|Publication number||US4511787 A|
|Application number||US 06/442,774|
|Publication date||Apr 16, 1985|
|Filing date||Feb 2, 1983|
|Priority date||Dec 22, 1981|
|Publication number||06442774, 442774, US 4511787 A, US 4511787A, US-A-4511787, US4511787 A, US4511787A|
|Original Assignee||Frank Sibert|
|Export Citation||BiBTeX, EndNote, RefMan|
|Patent Citations (25), Non-Patent Citations (2), Classifications (5), Legal Events (3)|
|External Links: USPTO, USPTO Assignment, Espacenet|
This application is a continuation-in-part application of U.S. design patent application Ser. No. 333,384, by the same applicant, filed Dec. 22, 1981, entitled Electric Stove Pipe Space Heater, now abandoned.
The need for cheap heat is increasing in this country and other countries worldwide due to the excessive cost of fuel oil, gas, electricity, coal and wood and the growing population.
Apartment house owners suffer too. For example, if 30 gallons oil per hour are used to heat 30 apartments, with 120 rooms, average 4 rooms per apt., the cost is $30./hr @ $1./gal, that is, $1./apt/hr.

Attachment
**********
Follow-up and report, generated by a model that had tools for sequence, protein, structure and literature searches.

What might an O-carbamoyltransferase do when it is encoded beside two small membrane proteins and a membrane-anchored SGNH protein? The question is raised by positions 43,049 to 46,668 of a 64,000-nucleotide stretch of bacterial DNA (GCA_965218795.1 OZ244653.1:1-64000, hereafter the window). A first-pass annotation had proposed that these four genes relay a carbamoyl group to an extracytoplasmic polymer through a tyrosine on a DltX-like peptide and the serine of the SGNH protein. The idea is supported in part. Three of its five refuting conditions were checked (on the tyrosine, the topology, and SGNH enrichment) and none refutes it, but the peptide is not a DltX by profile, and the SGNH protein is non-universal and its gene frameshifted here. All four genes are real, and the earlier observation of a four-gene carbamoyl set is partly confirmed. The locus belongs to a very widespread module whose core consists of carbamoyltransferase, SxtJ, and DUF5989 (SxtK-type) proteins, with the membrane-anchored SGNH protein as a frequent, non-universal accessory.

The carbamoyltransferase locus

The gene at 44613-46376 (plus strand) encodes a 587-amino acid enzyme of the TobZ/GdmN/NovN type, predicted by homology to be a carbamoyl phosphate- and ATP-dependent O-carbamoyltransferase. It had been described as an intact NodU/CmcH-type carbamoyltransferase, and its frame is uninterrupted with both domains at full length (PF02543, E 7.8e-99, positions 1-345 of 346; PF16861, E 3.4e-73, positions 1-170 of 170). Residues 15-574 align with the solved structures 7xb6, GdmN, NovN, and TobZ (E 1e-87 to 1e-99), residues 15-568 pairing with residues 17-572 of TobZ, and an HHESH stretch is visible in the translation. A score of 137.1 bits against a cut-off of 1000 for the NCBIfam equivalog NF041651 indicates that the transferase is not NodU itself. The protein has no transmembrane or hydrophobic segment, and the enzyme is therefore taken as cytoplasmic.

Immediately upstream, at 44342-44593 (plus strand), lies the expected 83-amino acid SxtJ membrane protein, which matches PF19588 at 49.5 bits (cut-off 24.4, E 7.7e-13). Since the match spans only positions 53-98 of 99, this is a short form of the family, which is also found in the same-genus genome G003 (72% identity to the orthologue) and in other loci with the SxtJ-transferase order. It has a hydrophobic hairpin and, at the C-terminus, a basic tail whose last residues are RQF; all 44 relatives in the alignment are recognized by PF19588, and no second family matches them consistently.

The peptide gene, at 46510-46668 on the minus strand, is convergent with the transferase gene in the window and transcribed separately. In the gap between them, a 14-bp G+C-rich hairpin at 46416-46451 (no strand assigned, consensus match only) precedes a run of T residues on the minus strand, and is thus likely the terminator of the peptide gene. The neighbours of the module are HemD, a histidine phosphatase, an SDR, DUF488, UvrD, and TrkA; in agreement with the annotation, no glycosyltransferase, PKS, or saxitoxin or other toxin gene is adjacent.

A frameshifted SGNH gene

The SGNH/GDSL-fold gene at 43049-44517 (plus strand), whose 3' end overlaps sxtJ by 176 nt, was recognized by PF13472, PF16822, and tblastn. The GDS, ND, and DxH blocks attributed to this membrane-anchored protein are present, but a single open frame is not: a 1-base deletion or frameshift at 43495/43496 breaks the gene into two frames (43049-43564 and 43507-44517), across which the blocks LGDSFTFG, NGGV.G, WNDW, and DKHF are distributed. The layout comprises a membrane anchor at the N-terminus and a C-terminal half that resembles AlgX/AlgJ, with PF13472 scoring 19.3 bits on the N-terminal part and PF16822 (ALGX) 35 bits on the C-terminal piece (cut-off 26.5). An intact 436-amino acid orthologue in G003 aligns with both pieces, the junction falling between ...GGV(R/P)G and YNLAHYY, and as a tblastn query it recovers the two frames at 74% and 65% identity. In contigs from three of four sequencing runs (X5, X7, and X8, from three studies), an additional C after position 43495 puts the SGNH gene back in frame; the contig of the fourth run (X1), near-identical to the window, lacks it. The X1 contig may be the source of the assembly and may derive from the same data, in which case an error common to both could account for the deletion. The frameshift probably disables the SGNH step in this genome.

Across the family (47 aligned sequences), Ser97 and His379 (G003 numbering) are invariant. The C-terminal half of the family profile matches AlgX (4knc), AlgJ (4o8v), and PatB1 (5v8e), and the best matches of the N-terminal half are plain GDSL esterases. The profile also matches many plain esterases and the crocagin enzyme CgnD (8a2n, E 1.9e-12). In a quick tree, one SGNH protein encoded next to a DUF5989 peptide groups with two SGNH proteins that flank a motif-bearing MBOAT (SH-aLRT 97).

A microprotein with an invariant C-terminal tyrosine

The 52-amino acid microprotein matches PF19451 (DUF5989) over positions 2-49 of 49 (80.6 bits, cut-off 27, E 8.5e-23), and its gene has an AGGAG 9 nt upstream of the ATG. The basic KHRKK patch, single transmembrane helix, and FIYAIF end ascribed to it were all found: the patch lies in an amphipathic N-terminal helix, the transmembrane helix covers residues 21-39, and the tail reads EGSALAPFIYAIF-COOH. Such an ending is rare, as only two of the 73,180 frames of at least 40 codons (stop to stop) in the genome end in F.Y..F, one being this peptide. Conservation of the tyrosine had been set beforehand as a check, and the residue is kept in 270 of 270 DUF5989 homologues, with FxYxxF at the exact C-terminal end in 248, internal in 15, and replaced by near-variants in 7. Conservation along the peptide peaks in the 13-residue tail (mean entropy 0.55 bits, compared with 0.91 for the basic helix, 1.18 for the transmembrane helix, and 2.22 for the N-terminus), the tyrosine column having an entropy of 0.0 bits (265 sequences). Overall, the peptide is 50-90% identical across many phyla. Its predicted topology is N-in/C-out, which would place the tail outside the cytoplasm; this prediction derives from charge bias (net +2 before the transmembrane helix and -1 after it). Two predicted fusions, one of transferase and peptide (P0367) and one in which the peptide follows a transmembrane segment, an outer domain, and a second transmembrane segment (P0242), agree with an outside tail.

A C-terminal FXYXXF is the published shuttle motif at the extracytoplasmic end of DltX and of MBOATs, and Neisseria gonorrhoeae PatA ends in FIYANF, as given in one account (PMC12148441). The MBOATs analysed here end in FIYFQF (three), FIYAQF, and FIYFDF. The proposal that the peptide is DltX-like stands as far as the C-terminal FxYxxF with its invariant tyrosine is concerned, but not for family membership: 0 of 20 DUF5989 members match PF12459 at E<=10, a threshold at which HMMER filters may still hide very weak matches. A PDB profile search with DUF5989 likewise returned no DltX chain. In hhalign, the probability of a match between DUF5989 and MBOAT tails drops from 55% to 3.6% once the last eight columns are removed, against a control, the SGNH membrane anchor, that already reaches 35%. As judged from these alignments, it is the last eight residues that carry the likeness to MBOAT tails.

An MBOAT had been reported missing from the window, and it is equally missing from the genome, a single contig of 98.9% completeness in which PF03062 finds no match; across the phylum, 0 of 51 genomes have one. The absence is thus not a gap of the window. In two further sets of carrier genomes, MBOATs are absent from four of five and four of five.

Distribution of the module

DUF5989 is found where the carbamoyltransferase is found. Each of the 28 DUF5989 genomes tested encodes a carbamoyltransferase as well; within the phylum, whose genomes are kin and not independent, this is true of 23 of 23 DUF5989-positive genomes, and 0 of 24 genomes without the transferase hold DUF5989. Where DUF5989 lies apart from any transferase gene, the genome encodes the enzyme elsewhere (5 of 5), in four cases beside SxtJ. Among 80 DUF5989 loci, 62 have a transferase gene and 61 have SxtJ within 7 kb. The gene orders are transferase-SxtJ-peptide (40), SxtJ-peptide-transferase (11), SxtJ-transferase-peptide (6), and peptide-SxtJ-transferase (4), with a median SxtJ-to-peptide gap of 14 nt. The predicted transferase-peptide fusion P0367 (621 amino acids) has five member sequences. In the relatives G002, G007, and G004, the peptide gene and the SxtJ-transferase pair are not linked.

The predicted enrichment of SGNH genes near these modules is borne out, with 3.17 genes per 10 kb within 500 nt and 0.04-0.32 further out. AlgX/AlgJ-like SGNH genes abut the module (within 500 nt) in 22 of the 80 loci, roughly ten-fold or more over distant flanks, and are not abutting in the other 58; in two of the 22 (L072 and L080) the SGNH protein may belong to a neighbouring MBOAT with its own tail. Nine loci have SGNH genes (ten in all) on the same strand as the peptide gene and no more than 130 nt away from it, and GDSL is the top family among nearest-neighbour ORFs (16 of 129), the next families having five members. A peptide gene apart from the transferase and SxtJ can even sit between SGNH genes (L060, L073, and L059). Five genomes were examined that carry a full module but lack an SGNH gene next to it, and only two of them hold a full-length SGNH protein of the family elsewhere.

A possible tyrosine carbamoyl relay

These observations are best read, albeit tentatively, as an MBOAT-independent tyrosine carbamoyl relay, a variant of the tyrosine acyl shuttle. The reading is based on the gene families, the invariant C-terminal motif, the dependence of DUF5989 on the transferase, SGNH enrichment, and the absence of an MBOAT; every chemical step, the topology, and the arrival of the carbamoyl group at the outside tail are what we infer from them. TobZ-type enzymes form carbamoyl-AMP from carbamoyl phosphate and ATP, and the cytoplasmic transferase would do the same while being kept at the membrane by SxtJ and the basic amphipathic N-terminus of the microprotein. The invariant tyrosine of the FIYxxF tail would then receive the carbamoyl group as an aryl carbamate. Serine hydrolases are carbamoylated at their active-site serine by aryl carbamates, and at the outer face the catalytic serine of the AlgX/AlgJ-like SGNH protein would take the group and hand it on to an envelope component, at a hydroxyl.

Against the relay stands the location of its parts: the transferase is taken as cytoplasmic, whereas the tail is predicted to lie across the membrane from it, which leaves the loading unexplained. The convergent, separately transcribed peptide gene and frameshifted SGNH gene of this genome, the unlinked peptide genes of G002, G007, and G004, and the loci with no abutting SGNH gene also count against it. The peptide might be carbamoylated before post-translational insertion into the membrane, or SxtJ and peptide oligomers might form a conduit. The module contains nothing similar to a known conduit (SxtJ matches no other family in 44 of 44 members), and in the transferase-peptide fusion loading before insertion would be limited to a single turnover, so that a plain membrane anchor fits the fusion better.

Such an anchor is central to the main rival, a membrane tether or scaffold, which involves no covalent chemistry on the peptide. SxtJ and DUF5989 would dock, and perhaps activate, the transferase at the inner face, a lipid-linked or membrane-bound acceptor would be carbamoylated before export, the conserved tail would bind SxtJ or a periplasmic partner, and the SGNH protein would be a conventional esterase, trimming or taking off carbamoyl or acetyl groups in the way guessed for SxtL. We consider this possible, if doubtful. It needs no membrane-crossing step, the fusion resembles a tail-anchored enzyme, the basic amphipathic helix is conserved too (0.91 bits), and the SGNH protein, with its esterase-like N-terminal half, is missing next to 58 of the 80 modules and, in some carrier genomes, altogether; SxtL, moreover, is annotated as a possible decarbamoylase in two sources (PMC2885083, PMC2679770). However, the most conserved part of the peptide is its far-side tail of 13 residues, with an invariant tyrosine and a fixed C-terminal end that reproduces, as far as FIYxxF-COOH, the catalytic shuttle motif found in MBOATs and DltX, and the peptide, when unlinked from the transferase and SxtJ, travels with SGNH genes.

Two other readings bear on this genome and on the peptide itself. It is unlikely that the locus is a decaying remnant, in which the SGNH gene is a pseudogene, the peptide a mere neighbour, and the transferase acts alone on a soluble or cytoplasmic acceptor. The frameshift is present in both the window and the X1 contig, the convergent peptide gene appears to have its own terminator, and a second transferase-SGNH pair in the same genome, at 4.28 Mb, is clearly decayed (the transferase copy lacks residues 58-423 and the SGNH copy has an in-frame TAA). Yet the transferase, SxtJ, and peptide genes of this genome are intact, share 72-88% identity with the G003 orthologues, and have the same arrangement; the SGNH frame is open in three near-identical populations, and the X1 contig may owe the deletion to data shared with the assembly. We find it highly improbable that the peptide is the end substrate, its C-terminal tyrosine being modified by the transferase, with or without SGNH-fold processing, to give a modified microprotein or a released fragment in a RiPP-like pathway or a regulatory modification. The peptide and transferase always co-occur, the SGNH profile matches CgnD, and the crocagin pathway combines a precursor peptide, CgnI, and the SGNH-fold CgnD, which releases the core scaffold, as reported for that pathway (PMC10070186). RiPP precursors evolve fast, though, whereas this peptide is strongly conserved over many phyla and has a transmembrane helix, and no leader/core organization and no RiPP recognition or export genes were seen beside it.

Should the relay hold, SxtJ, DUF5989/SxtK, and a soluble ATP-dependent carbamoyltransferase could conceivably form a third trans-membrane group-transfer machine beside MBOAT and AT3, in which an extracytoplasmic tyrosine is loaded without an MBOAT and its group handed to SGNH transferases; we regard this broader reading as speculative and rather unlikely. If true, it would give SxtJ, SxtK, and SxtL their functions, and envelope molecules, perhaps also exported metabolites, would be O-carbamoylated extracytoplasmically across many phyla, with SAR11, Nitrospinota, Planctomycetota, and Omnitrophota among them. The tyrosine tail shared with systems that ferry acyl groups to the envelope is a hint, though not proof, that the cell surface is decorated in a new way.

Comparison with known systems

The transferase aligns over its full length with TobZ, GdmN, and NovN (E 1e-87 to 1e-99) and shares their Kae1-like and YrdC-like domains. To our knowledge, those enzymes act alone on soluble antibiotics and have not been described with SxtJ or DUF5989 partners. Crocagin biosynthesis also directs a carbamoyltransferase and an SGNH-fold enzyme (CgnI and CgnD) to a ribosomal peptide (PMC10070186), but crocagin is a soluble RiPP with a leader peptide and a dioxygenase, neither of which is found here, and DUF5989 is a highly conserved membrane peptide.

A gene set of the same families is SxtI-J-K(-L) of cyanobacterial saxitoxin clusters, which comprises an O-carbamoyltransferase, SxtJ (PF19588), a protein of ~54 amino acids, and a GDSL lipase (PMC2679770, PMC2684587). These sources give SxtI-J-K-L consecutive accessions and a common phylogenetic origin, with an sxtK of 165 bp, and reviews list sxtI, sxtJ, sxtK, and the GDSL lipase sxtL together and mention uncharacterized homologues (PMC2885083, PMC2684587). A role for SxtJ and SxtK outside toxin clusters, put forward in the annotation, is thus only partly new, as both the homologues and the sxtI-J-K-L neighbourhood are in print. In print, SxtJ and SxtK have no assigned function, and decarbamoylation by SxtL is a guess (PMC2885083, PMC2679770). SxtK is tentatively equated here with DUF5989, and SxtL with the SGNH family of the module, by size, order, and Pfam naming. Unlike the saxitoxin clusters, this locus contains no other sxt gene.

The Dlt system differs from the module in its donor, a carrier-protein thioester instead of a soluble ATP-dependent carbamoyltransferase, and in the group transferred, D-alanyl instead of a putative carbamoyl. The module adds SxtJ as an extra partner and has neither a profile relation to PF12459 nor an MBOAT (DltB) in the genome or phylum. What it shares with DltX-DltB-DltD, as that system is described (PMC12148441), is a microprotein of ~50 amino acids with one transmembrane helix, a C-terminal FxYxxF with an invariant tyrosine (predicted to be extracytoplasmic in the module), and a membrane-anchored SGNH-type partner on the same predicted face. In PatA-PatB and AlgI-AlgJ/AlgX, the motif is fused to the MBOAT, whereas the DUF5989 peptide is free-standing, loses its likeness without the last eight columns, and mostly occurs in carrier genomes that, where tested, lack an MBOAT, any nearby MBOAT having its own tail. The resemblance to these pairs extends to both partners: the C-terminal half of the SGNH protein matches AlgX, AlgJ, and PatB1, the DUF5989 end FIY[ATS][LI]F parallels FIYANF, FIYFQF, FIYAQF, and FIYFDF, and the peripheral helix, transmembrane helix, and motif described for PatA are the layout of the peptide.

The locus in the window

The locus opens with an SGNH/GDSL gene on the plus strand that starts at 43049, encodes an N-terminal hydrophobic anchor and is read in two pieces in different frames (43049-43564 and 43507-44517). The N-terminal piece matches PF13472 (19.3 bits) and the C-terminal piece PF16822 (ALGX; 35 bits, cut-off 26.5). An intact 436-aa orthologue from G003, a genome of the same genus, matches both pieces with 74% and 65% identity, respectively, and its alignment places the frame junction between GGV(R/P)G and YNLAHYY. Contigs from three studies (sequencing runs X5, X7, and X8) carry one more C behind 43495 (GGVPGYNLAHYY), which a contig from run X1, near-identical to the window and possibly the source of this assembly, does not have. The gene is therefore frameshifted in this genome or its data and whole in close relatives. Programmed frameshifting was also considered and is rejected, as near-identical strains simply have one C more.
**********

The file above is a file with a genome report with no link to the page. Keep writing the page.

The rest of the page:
______________________________________ 300 hrs per month______________________________________Fuel Oil Costs 25¢/hr/room $75.00/month/roomGas @ 55¢/T Costs 11¢/hr/room 33.00/month/room1500 Watts Elec Costs 13¢/hr/room 39.00/month/roomStove Pipe Heater 6¢/hr/room 18.00/month/room*Stove Pipe Heater 21/2¢/hr/room 7.50/month/room______________________________________ *actual cost for first heating an 18 × 15 ft. living room & open dinette and then opening a door to a cold 15 × 15 bedroom which was also heated. Above electric costs based on 9¢ per KWHR in East Orange, N.J.
It is to be appreciated that conventional electric heaters are also not economical. For example, to heat the same 21/2 room area as above, it is required that two 1500 Watt electric heaters, each with a fan, be used at a cost of 26¢ per hour.